Cars and the automotive world can be a baffling place to navigate especially when it comes to understanding the complex technology and science behind the latest features.
Ironically, the advanced design of modern vehicles is what, in many cases, makes them simpler to use and live with, but that doesn’t mean the terminology and sheer number of options owners must consider are any less confusing.
Brent Bultitude of 2HD Newcastle got in touch with WhichCar for a chat about three motoring muddles frequently encountered in day-to-day driving and car ownership.
Does my car need 98 octane fuel?
Let’s start with what that little number on the pump at the servo means.
Octane is a chemical and one of the substances that gives petrol its distinctive smell, but it should not be confused with the octane rating (RON) of fuel.
While octane is an ingredient in pump petrol, it is not directly linked to its RON number, and you might be surprised to learn that pure octane isn’t rated as high on the RON scale as petrol – a blend of many.
The confusion most likely originates in the USA where fuel was and still is marketed as ‘high octane’.
Many assume this relates to a higher octane content in the fuel but, in fact, it means the fuel has a higher octane rating.
The octane rating (Research Octane Number) refers to how resistant the fuel is to ‘detonation’ – a damaging event when the fuel spontaneously combusts rather than more gentle and intentional ignition.
Therefore, higher octane rated fuel allows high-performance and modern engines to manage the process of using petrol to produce power more efficiently and effectively, but is wasted in less advanced or older engines.
Put simply then, if your car asks for ‘high octane’ petrol on the inside of the filler cap or owner’s manual, it will function as close to the way the manufacturer designed when fuelled by it.
Filling it up with a lower RON fuel won’t necessarily damage your engine, but there could be a perceptible reduction in performance or even efficiency.
Conversely, you won’t get better performance or mileage out of an old engine by filling up with higher grade petrol.
Stick to what the manufacturer advises and if in doubt, run a tank of different fuel during your normal driving routine and see if the power or efficiency is impacted.
There’s nothing especially bad about putting in a grade higher than the manufacturer recommends, but we don’t advise going lower than the minimum recommended RON.
Do I need run ‘flat’ tyres?
Here’s another automotive irony – so-called run-flat tyres never actually run flat. These special tyres have been designed with a stronger construction, particularly in the side walls.
If the tyre is punctured and the air inside escapes, the structure of the tyre will not immediately collapse (go flat) like a normal version.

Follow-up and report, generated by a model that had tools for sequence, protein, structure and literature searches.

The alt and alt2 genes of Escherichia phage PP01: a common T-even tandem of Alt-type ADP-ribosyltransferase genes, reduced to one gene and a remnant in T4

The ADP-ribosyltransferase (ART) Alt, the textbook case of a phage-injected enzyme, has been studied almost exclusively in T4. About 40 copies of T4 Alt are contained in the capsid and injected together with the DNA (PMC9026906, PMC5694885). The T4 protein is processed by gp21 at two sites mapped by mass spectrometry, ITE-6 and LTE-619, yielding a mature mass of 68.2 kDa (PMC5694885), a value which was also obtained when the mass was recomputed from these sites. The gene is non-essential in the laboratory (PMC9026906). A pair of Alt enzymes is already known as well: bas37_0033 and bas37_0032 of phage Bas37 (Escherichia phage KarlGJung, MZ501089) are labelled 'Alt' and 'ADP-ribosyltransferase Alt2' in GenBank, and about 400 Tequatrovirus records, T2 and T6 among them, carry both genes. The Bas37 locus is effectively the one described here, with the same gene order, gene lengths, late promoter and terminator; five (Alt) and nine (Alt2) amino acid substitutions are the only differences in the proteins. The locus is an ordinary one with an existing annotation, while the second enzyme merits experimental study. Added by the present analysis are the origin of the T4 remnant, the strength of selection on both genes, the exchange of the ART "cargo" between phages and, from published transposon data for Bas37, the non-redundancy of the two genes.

Run-flats can only be fitted to a vehicle equipped with a tyre pressure monitoring system to alert the driver if there is a puncture because there’s very little way of telling otherwise.
The key advantage with these special tyres is that they allow the car to be driven to the tyre repair shop and the driver is not exposed to danger trying to fit the spare.
It also removes the need to carry around a spare unless there is more significant damage to the tyre. Under these circumstances, run-flats can be a disadvantage.
Contrary to popular belief, a punctured run-flat can be repaired. As long as the owner can guarantee that the tyre has not been driven unpressurised further than the manufacturer recommends, there is no reason a run-flat tyre cannot be patched just like a normal tyre.
If the tyre has exceeded the safe distance under the minimum inflation pressure, the structure will have been weakened and it must be replaced.
If the warning light comes on, investigate it immediately.
Petrol or diesel?
There is no definitive answer to this often encountered decision since the driving and transport needs of drivers vary significantly, but there are a few guidelines at least and it mostly comes down to the type of driving.
Diesel engines like to be worked hard and that includes, long freeway trips, towing and heavy loads of people or things.
If you aren’t frequently giving these types of duties to your car you won’t get the full advantages of a diesel engine nor will it remain in peak performance for long.
That’s because modern diesel engines are designed to be the workhorses of the road and their sophisticated emissions control systems require the heat generated by hard work to function correctly.
It’s also worth considering that a diesel’s advantage is in low-revs torque and lots of pulling power which is not exploited by light duties.
While petrols certainly aren’t work-shy and also benefit from a good blast, they are far better suited to lighter load and infrequent or shorter trips.
If you only hop in the car once a week to pick up some groceries, petrol is probably the way.
That said, modern turbocharging and clever electronics are making petrol engines almost as torquey as diesels with similar fuel efficiency advantages.
In other words, the performance divide between petrol and diesel is much narrower than it used to be.
Of course, if neither scenario quite fits your purposes, maybe it’s time to consider going hybrid or electric?
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